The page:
In most children who are diagnosed with brain tumors, the underlying cause is unknown. It is likely that in some cases, inherited DNA mutations may contribute to the development of pediatric brain tumors. DNA mutations are permanent changes in a DNA sequence. Mutations range in size, anywhere from a single DNA building block (base pair) to a large segment that includes multiple genes. Unfortunately, researchers have only been able to find evidence for DNA mutation in few pediatric brain tumor types and there is an urgent need to identify such mutations. Using datasets from the Pediatric Brain Tumor Atlas, researchers seek to identify inherited mutations in pediatric brain tumors and other pediatric diseases. They will also perform a cross-disease analysis to determine whether certain mutations commonly affect the same genes and pathways across these diseases. This comprehensive research will be carried out in an effort to improve diagnostics and therapies.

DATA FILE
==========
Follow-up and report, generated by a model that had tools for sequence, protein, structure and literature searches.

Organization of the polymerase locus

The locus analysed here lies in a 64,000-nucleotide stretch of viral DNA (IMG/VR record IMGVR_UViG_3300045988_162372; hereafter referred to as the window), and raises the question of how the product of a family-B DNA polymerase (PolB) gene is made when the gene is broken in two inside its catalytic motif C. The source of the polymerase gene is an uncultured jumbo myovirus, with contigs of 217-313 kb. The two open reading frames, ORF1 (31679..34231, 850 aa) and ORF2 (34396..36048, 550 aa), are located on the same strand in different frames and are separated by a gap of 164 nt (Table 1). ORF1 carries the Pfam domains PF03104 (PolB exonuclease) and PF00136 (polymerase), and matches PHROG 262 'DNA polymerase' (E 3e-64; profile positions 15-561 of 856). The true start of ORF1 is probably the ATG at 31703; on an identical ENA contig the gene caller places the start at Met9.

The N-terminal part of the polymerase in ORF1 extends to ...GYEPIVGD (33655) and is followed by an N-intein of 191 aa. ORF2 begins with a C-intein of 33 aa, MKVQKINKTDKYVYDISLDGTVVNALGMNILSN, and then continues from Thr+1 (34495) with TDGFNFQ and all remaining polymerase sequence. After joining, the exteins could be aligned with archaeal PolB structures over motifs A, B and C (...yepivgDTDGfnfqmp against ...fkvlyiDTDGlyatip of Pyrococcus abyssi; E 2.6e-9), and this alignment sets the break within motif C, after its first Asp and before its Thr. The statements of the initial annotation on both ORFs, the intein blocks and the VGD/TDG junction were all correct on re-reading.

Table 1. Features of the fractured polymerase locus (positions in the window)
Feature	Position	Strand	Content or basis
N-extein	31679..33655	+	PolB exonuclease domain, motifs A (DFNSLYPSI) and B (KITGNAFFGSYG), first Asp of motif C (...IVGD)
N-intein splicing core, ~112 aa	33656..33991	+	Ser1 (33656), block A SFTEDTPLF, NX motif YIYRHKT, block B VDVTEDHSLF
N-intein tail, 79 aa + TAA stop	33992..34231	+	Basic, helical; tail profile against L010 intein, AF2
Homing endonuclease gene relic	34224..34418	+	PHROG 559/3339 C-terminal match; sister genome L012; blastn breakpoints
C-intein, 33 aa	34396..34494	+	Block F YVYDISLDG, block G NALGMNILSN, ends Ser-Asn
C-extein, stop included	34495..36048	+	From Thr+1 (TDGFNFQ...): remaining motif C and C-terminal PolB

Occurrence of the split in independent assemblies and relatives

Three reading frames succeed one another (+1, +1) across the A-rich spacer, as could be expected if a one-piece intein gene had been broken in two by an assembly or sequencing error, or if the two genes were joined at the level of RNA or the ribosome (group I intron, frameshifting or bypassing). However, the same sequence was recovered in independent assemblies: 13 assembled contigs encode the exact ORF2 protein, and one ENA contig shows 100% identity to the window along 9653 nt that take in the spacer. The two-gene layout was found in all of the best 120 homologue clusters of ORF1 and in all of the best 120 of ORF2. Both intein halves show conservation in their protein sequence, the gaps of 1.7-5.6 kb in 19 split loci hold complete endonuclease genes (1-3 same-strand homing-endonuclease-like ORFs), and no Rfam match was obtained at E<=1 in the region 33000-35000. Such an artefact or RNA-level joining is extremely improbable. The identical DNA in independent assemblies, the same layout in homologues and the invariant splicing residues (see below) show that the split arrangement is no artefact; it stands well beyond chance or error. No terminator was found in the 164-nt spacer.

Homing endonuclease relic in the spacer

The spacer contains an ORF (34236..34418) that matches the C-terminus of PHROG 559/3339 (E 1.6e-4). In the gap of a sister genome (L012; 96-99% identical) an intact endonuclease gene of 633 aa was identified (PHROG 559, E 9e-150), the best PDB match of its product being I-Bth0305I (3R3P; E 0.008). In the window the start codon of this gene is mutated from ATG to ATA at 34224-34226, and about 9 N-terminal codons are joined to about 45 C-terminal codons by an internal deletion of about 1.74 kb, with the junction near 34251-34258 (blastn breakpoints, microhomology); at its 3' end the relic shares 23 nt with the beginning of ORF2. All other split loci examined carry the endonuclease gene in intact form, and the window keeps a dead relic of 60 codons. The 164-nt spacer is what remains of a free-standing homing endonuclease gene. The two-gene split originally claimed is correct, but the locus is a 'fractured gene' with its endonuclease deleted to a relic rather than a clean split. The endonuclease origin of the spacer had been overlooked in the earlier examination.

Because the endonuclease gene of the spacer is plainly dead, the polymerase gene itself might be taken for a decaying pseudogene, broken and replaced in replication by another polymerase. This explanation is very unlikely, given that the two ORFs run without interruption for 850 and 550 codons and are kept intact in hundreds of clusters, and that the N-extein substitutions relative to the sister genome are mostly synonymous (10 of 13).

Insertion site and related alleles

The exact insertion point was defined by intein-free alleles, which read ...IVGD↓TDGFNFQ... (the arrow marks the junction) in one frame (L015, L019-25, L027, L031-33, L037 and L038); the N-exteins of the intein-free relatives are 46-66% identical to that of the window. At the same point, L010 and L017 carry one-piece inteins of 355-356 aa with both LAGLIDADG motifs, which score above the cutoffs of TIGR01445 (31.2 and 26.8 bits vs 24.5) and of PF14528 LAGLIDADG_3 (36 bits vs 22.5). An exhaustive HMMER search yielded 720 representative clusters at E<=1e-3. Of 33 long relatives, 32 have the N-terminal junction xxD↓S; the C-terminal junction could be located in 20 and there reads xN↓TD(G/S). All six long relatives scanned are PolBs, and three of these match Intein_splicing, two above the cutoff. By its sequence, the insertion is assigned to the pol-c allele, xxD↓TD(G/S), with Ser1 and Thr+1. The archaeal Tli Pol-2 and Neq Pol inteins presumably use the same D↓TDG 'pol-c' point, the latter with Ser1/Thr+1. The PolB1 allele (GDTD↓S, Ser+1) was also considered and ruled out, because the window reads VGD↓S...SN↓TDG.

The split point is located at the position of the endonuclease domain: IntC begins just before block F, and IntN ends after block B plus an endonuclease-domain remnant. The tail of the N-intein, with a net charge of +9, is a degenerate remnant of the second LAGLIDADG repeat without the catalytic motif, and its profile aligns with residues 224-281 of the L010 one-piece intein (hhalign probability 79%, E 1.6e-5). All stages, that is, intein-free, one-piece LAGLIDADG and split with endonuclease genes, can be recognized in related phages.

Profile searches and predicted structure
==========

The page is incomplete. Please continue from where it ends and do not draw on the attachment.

What are the goals of this project?
Researchers are working to identify inherited mutations that are connected to pediatric brain cancers in an effort to better understand the cause and development of brain tumors.
What is the impact of this project?
The analysis carried out in this research could deepen the understanding of pediatric brain cancer development and its connection to birth defect diseases, paving the way for better diagnostics and therapies.
Why is the CBTN request important to this project?
The comprehensive and unique datasets available through the Pediatric Brain Tumor Atlas provide researchers with the data necessary to complete this project.
The Children's Brain Tumor Network contributed to this project by providing access to the Pediatric Brain Tumor Atlas.
Stephen Piccolo, PhD
Stephen R. Piccolo is an assistant professor in the Department of Biology at Brigham Young University (BYU). He earned a B.S. degree in Management Information Systems from BYU in 2001 and then worked as a software engineer for five years at Intel Corporation in Chandler, Arizona. In 2011, he receive
Brigham Young University